This article was originally posted on January 27th, 2009 during AFJN’s trip to Burundi and Uganda. It appeared on the blog Reposted on April 14th, 2009.
The Kamenge Center sits in the middle of the northern neighborhoods (quarters) of Bujumbura, the capital of Burundi. During the war in the 1990’s, it became one of the only places where youth from different neighborhoods and tribes could come together as brothers and sisters.
Today, it serves over 31,000 young men and women and provides opportunities for learning, sports, and arts. Classes in fields such as English, Mathematics, and Computer Science draw those looking to enhance their knowledge base; a soccer field, basketball court, and weight room encourages the youth to exercise and play sport with one another; and classes in theatre, hip hop, and competitions in dance, singing, and poetry promote the importance of the arts in society. In so many developing countries, the resources for community programs are lacking – so the Center provides a much-needed gathering space and opportunities for youth to engage in productive activities.
In our interviews thus far, it has become clear that the ethnic and political tensions that were so prevalent a decade ago have largely faded. Nevertheless, the Kamenge Center continues to play an important role in peace and community reconciliation. During the war, there was a time when passing through a neighborhood to which you did not belong could result in your death. Fr. Claudio, the Xaverian Missionary who runs the Center, would open doors on different sides of the property, allowing youth to come into the Center without passing through a hostile neighborhood. Once there, they learned that there was no reason for the violence between tribes and that they could live together peacefully.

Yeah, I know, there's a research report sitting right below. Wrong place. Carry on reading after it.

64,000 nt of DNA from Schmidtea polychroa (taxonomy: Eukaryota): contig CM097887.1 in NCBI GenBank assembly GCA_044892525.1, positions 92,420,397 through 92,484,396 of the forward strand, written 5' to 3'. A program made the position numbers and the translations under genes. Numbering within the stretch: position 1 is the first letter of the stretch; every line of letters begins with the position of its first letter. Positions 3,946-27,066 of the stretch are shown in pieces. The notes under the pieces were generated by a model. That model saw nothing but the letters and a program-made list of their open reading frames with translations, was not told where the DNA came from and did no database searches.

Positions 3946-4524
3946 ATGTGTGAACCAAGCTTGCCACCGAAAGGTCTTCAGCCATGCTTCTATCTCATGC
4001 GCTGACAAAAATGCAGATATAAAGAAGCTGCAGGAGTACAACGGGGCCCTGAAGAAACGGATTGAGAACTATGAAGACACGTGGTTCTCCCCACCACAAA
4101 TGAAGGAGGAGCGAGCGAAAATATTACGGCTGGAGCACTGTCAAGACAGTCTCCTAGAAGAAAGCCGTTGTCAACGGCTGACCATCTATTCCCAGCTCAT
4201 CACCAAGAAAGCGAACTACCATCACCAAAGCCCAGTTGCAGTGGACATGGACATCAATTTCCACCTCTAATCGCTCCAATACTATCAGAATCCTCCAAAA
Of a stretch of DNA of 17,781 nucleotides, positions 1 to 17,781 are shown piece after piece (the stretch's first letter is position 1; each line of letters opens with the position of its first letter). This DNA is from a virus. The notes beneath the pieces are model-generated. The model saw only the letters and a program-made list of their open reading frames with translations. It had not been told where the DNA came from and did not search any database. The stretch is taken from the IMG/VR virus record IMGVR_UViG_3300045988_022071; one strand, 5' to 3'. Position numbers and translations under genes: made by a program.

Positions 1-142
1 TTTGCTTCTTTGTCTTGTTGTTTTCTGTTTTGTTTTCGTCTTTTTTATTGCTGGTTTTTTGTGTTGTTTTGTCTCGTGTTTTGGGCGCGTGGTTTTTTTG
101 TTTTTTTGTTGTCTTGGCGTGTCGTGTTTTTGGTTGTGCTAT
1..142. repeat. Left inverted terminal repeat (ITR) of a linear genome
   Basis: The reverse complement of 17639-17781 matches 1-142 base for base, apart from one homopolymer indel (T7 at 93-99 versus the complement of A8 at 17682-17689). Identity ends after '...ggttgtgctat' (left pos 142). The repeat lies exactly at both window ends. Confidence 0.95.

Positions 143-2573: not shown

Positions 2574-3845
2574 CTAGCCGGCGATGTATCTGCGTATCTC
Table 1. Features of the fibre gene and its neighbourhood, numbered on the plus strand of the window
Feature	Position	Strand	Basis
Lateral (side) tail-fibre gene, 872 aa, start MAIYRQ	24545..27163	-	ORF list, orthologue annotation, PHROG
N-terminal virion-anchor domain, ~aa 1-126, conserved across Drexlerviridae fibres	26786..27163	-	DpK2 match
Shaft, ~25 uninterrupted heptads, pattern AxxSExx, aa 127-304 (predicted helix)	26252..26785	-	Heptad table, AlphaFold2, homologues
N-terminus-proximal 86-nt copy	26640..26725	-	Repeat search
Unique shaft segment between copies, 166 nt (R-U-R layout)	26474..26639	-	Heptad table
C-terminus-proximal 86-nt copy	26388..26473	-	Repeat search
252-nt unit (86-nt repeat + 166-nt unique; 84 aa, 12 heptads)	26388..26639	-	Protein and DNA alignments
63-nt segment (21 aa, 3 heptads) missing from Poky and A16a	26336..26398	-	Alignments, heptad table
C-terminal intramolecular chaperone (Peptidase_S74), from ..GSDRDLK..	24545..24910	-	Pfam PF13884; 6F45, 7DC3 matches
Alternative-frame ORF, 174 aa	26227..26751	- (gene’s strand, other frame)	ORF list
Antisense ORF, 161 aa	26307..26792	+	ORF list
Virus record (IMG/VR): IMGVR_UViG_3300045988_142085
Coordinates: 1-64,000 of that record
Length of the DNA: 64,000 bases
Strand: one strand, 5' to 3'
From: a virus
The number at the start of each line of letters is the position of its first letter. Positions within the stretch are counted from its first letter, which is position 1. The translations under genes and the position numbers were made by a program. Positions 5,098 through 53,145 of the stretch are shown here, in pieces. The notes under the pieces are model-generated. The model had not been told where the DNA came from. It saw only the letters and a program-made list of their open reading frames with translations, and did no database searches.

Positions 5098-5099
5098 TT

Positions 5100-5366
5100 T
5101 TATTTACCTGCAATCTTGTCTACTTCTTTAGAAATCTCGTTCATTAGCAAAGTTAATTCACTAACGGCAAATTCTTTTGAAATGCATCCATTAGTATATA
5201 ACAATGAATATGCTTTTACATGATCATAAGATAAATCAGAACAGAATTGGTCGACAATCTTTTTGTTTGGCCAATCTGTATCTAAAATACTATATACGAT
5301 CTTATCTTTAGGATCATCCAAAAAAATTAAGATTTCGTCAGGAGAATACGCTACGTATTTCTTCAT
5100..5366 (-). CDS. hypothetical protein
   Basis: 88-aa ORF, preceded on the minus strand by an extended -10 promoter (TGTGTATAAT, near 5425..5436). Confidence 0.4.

When asked, nearly everyone tells us that the Hutu/Tutsi distinctions are no longer relevant to life in Burundi. Some dislike discussing it because it shouldn’t matter, others make a point to discuss it to prove that there are no ethnic barriers. One of the theatre teachers at the Center often includes comical dialogue about Hutus and Tutsis in his plays, reinforcing the notion that tribal distinctions should be seen in a positive light.
It certainly seems that the Kamenge Center is doing a lot of the heavy lifting in terms of community support and reconciliation. As we continue to talk with community members and authorities in Burundi, we will make futher notes about the Center’s work.
Posted by Beth Tuckey